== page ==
In today’s blog Rod tried to explain what he meant when he wanted to say something was to complicated to be summarised by the word ‘screen’
All resonating, taking me back and creating an atmosphere.
Getting rid of the routine allows people to focus on what is important. (Bruce Lee said this in the 60’s – ‘Hack away the un-essential’)
In the Yorkshire and Humber Clinical Network for Dementia we are working to increase knowledge and understanding of delirium. This is a state of reversible confusion and disorientation that occurs more frequently in those living with dementia and at times can be mistaken for dementia itself. It isn’t, dementia, that is. It is different, withContinue reading “This afternoon I described death.”
Even Stephen King says that dementia keeps him awake at night.
Just as with suffering, it is not something that can be measured and compared, it isn’t absolute, it is relative like everything else in the universe.
Our health and social care staff need to gain a better understanding of this condition – how to identify the early signs, how to diagnose and treat.
Many of you reading this will be familiar with This is me – the person-centred document we have been using in the hospital for the past five or six years. It was originally developed by the Alzheimer’s Society working with the Royal College of Nursing, then, a couple of years ago I got together withContinue reading “This is me (&you)”
All these little bits, these fragments of who we are, where we have been and what we have done contribute to our whole
There is an assumption that when the lights go down and the night-staff appear on the scene that things become quiet and still – a little like a scene from Bambi.
Nevertheless, within the dark underbelly of medicine, where geriatricians live, there are some quite stunning effects often, from stopping and sometimes starting medicines.
In other words, intravenous saline although a fundamental part of modern medicine is nowhere near as good as a cup of tea.
To a box, the world is the world, is the world.
Habits are our liberation, they are also a limitation
Whether we follow the Japanese and find a new name, or work to continue to change attitudes and behaviours, steering people away from the stigma currently associated with dementia is unclear – it is certainly the bogeyman that TB, cancer and HIV once were, we just need to work towards finding better solutions and ways to support people until we find a way out.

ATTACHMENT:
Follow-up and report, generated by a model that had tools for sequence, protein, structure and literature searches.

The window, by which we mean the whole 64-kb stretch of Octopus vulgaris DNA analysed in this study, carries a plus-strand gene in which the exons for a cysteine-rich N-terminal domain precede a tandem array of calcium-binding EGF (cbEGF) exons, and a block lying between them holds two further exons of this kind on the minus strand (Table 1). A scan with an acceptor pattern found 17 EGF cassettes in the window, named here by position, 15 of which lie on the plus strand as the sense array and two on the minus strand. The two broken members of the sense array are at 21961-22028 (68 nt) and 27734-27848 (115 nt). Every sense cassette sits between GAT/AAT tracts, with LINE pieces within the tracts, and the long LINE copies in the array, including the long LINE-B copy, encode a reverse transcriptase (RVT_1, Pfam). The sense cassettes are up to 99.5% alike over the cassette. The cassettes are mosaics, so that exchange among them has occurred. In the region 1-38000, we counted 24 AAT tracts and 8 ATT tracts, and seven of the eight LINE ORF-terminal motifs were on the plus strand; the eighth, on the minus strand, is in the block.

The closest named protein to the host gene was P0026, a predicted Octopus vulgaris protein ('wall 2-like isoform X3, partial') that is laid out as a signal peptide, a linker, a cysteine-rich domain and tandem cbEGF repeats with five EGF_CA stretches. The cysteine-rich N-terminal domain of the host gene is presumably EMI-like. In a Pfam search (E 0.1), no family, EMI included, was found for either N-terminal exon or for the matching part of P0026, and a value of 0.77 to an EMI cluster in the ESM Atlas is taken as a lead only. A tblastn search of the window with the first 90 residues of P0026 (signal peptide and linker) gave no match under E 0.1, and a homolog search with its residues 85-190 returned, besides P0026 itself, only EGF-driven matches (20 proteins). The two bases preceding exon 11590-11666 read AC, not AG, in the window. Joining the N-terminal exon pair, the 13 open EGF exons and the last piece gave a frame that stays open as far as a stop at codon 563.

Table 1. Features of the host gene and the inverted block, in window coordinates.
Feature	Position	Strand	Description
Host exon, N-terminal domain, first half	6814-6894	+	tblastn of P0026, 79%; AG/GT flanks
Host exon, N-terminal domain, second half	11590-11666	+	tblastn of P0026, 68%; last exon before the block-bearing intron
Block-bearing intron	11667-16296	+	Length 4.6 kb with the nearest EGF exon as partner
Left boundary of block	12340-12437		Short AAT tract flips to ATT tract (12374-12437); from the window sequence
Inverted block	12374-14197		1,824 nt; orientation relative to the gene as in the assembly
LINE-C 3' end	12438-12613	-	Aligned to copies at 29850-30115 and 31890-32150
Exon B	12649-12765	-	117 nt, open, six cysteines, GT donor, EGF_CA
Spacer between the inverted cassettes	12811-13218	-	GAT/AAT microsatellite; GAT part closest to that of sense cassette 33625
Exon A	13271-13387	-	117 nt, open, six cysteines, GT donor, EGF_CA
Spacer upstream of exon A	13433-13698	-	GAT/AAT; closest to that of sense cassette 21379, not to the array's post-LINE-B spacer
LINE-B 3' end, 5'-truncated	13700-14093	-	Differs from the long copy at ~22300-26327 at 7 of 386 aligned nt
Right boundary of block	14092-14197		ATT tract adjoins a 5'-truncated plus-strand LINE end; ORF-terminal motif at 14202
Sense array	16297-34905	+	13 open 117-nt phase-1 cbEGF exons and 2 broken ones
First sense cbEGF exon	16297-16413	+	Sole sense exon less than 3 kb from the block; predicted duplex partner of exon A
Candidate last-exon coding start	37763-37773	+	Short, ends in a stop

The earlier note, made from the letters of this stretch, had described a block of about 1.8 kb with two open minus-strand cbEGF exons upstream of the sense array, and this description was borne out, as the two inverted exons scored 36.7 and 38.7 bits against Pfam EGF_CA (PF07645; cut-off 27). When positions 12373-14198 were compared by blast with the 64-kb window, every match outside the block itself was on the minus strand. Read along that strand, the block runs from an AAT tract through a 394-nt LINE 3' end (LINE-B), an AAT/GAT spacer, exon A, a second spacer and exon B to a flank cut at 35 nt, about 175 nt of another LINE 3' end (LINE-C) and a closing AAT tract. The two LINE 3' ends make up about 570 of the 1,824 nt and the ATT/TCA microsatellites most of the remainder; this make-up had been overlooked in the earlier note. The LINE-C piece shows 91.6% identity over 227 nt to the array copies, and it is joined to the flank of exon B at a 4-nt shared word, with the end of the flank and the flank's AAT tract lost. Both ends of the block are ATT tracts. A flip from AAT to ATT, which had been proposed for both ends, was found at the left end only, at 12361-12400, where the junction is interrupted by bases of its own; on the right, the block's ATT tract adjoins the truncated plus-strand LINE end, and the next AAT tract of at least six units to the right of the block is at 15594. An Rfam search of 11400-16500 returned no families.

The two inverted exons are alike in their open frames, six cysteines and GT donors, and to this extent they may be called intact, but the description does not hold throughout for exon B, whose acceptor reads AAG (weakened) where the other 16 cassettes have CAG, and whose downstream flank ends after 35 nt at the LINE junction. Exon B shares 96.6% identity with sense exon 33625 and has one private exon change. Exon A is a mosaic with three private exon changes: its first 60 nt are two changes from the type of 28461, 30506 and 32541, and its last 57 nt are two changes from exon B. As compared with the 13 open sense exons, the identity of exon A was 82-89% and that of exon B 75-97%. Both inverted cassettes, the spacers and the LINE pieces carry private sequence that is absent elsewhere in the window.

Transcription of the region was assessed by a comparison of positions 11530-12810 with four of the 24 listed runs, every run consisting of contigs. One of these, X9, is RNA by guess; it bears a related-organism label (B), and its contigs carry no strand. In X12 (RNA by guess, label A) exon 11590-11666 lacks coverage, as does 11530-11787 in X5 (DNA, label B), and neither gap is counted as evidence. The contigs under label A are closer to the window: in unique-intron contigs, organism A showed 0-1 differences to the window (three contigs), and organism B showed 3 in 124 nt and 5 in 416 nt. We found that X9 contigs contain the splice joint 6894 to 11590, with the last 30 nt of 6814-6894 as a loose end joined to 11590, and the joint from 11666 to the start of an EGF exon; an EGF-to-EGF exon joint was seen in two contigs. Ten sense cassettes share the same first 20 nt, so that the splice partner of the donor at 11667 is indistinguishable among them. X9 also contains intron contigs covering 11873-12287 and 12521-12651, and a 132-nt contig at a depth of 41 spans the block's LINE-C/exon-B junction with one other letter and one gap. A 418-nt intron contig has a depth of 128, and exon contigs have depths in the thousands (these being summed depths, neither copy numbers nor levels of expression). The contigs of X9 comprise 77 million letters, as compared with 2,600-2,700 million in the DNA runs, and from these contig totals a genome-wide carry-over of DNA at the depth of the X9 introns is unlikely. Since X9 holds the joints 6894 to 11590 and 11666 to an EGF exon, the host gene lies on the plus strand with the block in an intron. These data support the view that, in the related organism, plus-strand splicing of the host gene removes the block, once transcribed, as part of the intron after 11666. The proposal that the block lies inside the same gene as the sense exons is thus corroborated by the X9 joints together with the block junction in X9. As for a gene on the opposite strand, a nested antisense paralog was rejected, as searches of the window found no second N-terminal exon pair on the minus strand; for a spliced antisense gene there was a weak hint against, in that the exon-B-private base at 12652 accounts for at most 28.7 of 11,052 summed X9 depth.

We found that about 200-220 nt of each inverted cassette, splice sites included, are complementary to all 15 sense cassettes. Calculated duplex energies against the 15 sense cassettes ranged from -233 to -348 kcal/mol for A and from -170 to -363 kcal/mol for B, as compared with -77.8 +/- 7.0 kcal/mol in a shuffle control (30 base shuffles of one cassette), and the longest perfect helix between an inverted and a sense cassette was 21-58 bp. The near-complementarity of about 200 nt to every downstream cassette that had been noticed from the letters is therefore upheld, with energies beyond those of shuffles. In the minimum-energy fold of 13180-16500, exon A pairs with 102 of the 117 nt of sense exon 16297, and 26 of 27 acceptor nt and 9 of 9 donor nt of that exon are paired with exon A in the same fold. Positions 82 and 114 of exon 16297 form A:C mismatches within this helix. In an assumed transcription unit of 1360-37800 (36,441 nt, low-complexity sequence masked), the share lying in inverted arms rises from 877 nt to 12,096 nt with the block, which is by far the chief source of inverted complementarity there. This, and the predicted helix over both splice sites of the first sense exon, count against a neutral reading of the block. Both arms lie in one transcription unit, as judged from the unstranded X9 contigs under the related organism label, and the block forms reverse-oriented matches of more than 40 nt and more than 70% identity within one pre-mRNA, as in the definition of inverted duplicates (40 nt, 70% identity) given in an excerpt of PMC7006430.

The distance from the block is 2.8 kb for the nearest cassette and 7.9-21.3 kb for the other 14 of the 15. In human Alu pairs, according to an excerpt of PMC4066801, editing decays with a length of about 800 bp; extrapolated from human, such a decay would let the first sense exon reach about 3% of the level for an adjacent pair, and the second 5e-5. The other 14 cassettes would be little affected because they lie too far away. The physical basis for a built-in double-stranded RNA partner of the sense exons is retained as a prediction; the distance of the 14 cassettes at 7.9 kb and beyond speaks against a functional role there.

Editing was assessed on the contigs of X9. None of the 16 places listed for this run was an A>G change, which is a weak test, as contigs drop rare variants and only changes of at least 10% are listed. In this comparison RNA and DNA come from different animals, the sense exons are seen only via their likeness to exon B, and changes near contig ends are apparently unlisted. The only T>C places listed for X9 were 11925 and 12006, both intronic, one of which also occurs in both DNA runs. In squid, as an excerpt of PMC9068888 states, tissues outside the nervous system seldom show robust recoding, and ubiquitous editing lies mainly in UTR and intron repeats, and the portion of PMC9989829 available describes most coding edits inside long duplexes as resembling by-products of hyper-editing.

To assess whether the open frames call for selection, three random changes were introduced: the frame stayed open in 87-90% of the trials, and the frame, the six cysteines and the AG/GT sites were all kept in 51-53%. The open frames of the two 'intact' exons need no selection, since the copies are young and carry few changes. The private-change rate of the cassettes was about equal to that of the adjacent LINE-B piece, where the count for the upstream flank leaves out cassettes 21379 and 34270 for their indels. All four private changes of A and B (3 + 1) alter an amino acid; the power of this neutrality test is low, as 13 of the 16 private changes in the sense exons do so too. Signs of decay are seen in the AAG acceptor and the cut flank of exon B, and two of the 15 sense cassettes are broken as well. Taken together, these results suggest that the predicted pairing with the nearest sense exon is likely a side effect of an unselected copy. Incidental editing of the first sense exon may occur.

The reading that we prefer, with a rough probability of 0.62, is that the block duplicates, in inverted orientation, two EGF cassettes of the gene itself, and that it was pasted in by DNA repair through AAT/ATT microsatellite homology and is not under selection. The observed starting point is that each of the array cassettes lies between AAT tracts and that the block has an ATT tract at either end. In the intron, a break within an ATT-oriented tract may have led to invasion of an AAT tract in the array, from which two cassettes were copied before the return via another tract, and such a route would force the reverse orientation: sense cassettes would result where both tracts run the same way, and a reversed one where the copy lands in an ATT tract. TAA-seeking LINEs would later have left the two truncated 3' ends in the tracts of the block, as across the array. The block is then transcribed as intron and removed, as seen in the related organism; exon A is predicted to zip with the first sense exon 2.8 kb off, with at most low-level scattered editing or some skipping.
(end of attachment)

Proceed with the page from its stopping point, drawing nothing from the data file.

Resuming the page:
As time marches on, with each passing decade, more men will develop these symptoms, until, in their 80’s and 90’s, they are almost universal.
Take a moment to think of those nurses, healthcare assistants, therapists and domestics who daily see beyond the fear and the worry of an old person, to the human being who is hiding in the shadows, obscured by layers of disease, for they are what keep us human.
I have spent the past few days feeling bad – It is strange, when you discover that something you have been doing, that you had considered ‘right’ is explained to be wrong; it is a little like breaking the law when you don’t know something is illegal … I can’t think of an instance (or,Continue reading “Therapeutic lies and false promises…”
Here is a question… What do you do when someone you are caring for, refuses your attention? When you, the ‘carer’ – doctor, nurse, therapist, father or son are unable to find a position or a stance that makes sense to the other person, to the extent that you are viewed as a burden, anContinue reading “Locked-in, drugs & the 60’s”
Amongst the piles of lost-and-found that accumulate in wards, care homes, clinics and hospital laundries across the UK, surely the missing dentures, spectacles and hearing aids point to something wrong with the way care is operating. ‘I’m fine, thank you,’ smiles Mary. ‘Do you know where you are?’ No response A little louder, ‘Mary, doContinue reading “Dentures, specs & hearing aids”